It’s funny, I consider her my assistant director now because when I find myself in jam on set I always take a moment out of the day and ask her to help me out and somehow it always works out. She gives me a bit of peace of mind on set. My father, Harry, helped me invest in camera equipment and an editing studio. He felt it was just as important to invest in the equipment, as it was to invest in college. Some kids beg the parents for a new car, I begged them for a Final Cut Pro studios and a Mac computer. Whenever I needed a hand in anything with making films he has never said no.

I learned so much from him about being a director from working weekends in his deli. He showed me how to deal with deadlines, reliable and unreliable people and how to run your own business. I took the name of my production company Hilltop Studios to honor him and his first deli Hilltop Deli. I think I got my entrepreneurial gene from my father. My dad went off to successfully start his own business, and I as an independent filmmaker, which essentially I’m going off to make my own career path. My father always brags to his friends that I am the next big thing and is always busting my chops about when the money is coming in. I always laugh because I call him the studio head, always asking about the money. But he has been super supportive. My brother Christo, got me my first directing chair, I got choked up over it because it was the nicest thing anyone has gotten me. He basically showed me that he was behind me on my career choice and I love him for that. So I am very blessed to have the support from my family and friends. Their support pushed me to go further with my career and to be as successful in my field.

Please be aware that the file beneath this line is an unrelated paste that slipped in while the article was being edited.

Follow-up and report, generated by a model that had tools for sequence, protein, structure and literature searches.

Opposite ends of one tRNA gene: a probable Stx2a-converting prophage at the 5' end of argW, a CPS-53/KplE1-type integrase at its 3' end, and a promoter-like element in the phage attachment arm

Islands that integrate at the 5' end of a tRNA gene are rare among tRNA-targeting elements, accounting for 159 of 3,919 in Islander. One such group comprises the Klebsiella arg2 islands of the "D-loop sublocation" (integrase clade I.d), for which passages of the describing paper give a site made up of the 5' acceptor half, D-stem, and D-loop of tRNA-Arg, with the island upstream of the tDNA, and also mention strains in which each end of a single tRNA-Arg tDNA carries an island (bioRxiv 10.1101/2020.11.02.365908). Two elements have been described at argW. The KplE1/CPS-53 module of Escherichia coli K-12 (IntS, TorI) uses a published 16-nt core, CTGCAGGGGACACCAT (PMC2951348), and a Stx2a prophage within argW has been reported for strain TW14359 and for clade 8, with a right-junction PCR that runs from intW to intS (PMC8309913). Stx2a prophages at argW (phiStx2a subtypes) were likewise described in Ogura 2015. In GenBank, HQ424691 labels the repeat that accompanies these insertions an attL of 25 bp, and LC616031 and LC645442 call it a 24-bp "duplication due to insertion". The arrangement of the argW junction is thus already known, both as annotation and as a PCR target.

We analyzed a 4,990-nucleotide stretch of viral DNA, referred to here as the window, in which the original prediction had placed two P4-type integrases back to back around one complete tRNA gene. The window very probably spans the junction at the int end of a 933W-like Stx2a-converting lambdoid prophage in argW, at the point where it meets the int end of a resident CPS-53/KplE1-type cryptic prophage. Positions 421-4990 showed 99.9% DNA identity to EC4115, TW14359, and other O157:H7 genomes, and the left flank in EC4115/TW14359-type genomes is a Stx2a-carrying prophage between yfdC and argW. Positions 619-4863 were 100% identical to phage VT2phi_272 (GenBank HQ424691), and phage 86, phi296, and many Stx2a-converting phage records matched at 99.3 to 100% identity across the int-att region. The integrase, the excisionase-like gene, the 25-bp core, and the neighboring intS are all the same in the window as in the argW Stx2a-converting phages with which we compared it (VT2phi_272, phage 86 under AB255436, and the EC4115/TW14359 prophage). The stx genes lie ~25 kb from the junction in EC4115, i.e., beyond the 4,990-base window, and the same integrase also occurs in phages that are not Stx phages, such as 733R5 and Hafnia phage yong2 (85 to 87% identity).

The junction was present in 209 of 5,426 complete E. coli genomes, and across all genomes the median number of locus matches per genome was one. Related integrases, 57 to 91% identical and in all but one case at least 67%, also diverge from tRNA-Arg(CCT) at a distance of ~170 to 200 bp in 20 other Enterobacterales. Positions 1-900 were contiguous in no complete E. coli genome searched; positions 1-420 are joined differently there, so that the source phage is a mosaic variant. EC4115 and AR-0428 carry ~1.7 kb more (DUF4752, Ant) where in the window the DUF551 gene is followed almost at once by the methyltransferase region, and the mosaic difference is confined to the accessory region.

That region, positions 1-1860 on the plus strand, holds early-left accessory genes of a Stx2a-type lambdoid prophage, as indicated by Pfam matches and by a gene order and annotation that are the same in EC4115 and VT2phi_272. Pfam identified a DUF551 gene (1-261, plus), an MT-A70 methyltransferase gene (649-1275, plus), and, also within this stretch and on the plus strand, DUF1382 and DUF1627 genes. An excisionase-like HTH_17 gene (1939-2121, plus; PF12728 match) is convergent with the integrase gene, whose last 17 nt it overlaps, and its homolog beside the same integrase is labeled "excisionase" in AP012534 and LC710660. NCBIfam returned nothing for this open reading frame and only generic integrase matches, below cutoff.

3.) Dave: Your upcoming film, Crossed, is highly anticipated by those of us who love independent movies. How did the idea for Crossed come to fruition?

Stolis: The idea of Crossed was originally conceived as a short black and white movie that I was going to shoot on super 16 mm film to cut my teeth with working with film. But it spawned into an intense action thriller. My co-creator and writer/actor Christopher Otis was a fellow film student with me in high school. And we became good friends and bonded over our love of action films. After high school we wanted to make an action film that was a throwback to the grittier, intense action flicks that we grew up with. We were sick of these watered down action films that were coming out. So we developed this idea of a young assassin on one of his first hits. But as we started to develop the film we couldn’t stop the flood of ideas from coming in. So eventually we decided that we could expand the idea and take it to many different and exciting levels. Crossed is the story of a young hit man named Frank Archer (Christopher J. Otis), who is on this quest to find out who murdered his father (The Blood Shed’s Jerry Murdock). Archer searches for the truth about his haunted past, eventually crossing him with a sadistic assassin known only as ‘The Ripper’ (Javier Rodriguez). Archer is also trying to find his place in the world but the only way to move on with his future he must learn about his past.